It is a standard that all text links follow an identifying convention. This can be your choice of any styling combinations, but generally speaking, they should all follow suit.
An exception would be navigation elements. Some sites that use huge text-footer areas don't have to follow these conventions exactly for quasi-sitemap links. Most still share elements (a darker/lighter a:hover, an underline of some sort, etc).
Here's a pretty good article from Smashing Magazine that talks about web standards for styling links.
Essentially, you want to make your links as readable as possible. Users scan content for links - they do not investigate each word to see whether or not it's a link. This is why having a uniform style convention all links follow is important. When a user identifies "what a link looks like", they can depend on this description in all future instances - except for blatant "links", such as a UI Button.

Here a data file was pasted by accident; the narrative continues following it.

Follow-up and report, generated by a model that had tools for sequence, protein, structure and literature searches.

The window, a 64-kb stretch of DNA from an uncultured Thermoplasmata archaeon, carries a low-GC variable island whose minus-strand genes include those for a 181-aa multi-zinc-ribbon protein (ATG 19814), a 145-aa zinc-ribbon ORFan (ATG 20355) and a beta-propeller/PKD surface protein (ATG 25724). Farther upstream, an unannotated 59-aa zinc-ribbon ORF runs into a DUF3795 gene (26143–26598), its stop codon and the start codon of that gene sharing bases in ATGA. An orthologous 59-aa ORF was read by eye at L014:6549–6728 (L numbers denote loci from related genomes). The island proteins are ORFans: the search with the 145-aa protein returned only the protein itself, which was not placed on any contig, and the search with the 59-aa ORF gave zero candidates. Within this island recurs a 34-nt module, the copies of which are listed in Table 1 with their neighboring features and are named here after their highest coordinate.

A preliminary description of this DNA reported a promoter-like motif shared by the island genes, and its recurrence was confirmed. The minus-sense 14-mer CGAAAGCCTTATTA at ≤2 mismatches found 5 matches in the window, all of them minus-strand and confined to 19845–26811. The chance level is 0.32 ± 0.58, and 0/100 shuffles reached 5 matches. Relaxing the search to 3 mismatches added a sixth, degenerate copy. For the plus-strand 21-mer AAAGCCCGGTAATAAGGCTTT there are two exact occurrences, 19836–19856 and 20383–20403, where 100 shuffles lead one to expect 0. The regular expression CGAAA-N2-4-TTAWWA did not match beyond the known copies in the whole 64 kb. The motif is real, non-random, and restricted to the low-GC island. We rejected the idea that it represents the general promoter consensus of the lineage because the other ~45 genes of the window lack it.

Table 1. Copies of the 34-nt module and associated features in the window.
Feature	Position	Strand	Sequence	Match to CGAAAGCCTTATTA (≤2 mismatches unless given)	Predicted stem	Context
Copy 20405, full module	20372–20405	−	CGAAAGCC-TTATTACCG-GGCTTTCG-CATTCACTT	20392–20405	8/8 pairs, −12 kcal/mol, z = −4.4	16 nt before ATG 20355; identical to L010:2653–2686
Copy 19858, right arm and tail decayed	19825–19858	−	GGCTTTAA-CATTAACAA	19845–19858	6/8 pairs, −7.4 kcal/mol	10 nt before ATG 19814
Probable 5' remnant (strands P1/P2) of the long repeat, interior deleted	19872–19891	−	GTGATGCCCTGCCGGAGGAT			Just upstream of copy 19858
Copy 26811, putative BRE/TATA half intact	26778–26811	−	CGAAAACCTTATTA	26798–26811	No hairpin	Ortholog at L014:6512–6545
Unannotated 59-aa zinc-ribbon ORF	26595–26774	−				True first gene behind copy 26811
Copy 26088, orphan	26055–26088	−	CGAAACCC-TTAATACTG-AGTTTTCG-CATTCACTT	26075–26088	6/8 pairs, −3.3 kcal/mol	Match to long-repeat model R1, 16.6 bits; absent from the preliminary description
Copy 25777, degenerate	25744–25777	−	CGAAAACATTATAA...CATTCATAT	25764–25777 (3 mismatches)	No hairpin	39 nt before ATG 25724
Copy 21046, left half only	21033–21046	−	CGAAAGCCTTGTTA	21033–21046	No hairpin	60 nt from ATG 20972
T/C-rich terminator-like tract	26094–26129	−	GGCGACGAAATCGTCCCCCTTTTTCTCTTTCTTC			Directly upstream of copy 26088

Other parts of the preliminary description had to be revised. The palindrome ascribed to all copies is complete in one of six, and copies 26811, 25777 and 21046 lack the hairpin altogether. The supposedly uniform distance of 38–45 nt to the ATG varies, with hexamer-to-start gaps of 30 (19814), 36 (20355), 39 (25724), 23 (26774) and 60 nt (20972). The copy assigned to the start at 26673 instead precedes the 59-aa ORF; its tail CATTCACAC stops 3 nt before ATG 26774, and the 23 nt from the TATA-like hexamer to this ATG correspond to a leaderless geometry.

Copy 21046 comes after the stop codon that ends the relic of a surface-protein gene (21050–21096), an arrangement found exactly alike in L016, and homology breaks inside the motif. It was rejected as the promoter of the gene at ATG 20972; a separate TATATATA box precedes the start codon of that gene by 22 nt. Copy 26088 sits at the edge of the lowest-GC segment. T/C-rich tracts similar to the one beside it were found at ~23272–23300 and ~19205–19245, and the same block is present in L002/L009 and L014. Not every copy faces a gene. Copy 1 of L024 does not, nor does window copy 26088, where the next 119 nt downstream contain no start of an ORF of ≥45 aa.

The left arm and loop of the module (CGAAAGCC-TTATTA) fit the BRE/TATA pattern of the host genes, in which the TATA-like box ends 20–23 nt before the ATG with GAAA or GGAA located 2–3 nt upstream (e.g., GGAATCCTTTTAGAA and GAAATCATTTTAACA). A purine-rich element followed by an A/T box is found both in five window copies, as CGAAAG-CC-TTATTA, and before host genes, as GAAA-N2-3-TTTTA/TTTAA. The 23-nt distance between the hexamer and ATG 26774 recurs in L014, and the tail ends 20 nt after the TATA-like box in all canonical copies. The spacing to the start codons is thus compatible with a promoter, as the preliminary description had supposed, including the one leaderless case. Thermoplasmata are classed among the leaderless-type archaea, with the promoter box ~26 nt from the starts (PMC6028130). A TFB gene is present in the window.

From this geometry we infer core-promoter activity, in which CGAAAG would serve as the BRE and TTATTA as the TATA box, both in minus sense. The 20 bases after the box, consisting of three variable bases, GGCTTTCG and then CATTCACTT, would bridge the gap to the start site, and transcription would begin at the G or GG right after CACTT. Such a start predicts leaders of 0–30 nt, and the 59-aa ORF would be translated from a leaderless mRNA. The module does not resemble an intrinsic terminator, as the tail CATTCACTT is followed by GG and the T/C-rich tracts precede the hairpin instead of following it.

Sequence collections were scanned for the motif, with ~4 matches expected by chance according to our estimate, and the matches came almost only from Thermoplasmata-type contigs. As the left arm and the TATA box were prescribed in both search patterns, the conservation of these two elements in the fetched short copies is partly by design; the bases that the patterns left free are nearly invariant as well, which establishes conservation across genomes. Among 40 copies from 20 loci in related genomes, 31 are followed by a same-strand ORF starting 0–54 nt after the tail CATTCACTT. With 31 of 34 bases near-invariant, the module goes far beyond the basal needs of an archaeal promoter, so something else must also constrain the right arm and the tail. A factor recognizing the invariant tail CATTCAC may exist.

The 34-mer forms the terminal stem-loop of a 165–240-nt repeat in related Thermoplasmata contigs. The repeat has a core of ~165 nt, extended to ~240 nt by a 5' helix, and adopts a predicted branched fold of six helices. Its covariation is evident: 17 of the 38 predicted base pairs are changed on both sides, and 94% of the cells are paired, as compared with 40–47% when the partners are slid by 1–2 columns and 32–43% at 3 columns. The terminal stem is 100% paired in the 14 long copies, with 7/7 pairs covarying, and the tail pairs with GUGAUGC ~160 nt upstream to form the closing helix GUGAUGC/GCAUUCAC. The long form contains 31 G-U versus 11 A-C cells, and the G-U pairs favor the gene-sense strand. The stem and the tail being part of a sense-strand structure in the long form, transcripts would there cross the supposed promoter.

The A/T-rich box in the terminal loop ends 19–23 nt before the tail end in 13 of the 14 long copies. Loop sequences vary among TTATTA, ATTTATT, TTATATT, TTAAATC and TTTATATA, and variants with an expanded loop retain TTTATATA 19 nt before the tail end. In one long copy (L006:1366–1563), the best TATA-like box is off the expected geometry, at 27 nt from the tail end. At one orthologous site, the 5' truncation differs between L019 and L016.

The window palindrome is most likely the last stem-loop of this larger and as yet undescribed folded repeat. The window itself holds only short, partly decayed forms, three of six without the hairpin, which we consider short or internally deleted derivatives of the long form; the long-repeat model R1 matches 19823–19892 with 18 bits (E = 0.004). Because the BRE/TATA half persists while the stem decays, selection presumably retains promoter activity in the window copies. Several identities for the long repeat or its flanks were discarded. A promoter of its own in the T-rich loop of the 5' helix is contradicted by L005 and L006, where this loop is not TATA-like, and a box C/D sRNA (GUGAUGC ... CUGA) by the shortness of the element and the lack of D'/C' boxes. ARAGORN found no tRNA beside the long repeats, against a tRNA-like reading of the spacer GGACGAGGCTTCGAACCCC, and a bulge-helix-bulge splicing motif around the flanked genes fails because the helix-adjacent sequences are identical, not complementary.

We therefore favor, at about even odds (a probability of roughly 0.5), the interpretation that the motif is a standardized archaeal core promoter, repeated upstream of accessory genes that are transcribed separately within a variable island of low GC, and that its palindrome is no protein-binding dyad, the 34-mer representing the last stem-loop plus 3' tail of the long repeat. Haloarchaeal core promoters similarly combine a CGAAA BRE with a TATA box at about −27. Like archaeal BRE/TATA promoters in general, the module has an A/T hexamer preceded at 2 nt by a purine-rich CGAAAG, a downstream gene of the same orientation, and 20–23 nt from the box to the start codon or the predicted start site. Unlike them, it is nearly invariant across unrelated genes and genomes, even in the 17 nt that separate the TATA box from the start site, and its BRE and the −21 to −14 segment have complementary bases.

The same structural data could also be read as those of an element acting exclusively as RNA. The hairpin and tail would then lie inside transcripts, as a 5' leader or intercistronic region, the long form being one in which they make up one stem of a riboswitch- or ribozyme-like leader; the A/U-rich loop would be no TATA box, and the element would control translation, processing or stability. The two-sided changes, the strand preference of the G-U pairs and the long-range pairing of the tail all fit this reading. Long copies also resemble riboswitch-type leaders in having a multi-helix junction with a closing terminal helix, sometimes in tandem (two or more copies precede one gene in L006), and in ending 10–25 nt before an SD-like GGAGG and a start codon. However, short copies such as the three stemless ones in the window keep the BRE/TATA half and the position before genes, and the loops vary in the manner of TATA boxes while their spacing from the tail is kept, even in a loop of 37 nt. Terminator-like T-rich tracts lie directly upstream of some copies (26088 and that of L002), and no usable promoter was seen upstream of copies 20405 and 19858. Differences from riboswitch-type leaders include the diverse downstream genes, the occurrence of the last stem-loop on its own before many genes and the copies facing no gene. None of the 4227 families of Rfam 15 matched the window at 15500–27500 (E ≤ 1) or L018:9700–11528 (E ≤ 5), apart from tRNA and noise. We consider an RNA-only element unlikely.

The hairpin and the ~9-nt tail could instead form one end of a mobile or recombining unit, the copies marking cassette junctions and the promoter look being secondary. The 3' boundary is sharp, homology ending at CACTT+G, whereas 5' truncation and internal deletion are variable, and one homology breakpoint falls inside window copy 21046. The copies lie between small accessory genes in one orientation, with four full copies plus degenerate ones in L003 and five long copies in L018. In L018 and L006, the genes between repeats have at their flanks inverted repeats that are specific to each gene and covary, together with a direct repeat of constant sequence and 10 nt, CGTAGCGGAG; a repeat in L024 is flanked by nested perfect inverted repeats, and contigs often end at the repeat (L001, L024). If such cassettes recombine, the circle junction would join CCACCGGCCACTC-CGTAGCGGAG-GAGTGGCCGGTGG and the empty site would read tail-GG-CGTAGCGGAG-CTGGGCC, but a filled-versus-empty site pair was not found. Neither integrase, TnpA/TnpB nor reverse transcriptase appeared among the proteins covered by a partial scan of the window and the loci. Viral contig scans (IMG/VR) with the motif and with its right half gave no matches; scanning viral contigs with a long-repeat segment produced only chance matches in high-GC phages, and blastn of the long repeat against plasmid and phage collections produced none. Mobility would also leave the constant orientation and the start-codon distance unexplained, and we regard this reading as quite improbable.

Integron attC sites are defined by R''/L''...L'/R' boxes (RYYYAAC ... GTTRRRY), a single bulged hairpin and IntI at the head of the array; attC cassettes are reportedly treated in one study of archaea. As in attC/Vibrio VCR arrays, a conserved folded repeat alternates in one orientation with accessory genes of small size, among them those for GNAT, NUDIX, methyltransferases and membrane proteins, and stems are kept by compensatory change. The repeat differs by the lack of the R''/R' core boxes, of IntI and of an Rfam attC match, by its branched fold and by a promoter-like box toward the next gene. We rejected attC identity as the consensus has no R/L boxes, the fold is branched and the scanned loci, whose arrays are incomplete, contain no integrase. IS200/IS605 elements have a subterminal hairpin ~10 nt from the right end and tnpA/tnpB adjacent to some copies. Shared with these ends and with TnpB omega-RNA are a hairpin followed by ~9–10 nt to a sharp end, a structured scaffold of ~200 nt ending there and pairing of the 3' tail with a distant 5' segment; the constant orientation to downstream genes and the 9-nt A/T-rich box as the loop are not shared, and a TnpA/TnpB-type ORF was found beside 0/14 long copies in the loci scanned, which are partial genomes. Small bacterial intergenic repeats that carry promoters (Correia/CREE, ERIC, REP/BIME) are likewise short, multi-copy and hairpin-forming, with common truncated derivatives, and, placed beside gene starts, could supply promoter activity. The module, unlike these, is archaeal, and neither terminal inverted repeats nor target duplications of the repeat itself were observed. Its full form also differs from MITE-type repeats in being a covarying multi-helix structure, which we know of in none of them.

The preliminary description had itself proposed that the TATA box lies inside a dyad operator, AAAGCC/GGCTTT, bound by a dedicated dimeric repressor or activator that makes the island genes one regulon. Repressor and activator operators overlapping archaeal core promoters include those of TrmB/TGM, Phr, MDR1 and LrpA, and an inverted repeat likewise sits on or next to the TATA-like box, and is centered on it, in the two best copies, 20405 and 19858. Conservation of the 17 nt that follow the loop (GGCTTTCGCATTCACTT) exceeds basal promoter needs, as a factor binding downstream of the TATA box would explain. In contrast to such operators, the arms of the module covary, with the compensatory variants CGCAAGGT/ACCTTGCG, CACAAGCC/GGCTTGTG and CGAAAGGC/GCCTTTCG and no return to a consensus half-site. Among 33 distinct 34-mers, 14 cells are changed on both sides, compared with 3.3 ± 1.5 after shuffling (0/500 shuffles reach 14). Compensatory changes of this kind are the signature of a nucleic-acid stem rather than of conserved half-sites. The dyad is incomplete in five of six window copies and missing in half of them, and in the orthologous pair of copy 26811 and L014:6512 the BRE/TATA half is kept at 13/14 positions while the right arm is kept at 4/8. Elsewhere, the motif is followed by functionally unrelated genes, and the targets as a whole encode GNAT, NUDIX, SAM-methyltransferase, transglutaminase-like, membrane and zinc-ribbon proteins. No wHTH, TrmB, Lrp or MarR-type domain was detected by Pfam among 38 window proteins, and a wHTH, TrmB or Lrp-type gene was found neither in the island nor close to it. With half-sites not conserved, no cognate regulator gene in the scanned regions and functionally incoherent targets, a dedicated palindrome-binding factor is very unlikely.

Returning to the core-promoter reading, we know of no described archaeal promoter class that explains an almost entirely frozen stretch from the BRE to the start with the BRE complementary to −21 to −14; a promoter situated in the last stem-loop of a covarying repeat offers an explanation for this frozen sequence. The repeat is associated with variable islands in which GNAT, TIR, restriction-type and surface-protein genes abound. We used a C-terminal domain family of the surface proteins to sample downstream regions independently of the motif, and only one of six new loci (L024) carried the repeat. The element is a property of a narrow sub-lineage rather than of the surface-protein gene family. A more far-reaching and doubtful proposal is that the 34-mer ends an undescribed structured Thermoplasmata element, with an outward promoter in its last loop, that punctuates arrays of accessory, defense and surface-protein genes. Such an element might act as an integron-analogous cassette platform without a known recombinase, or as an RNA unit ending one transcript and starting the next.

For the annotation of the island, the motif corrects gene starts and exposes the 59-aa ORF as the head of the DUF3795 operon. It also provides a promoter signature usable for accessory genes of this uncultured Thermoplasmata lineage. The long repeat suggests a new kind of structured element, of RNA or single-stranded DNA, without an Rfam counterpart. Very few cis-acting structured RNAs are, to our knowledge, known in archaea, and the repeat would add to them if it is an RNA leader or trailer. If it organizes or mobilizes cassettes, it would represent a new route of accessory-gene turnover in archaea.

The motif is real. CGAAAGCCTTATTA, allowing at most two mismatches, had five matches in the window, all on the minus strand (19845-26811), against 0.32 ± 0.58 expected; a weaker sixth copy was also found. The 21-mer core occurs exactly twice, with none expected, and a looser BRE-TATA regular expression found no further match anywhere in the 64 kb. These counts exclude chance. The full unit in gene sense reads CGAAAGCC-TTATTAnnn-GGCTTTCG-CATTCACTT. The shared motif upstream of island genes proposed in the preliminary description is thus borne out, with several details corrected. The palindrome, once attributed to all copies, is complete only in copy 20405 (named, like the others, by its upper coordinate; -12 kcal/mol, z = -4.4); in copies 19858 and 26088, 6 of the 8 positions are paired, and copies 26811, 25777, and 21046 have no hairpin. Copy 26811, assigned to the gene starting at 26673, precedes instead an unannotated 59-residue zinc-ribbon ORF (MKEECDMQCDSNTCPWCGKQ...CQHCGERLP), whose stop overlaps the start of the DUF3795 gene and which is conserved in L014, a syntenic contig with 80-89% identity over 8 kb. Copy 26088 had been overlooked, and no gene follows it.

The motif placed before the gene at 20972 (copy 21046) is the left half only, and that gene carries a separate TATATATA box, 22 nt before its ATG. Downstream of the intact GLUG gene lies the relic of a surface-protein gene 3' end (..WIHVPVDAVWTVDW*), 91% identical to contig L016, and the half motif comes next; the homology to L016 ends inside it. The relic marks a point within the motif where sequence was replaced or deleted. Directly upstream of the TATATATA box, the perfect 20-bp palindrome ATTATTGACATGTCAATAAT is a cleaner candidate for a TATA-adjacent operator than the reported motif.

By having multiple co-existing styles for text links, you run a risk of confusing the user a to what links should look like on your site, and possibly cause them to miss out on content they wanted due to a confusing link styling system.
This is also why establishing a style guide is important - to keep uniform sense and logic throughout the design process, and to create design cohesion.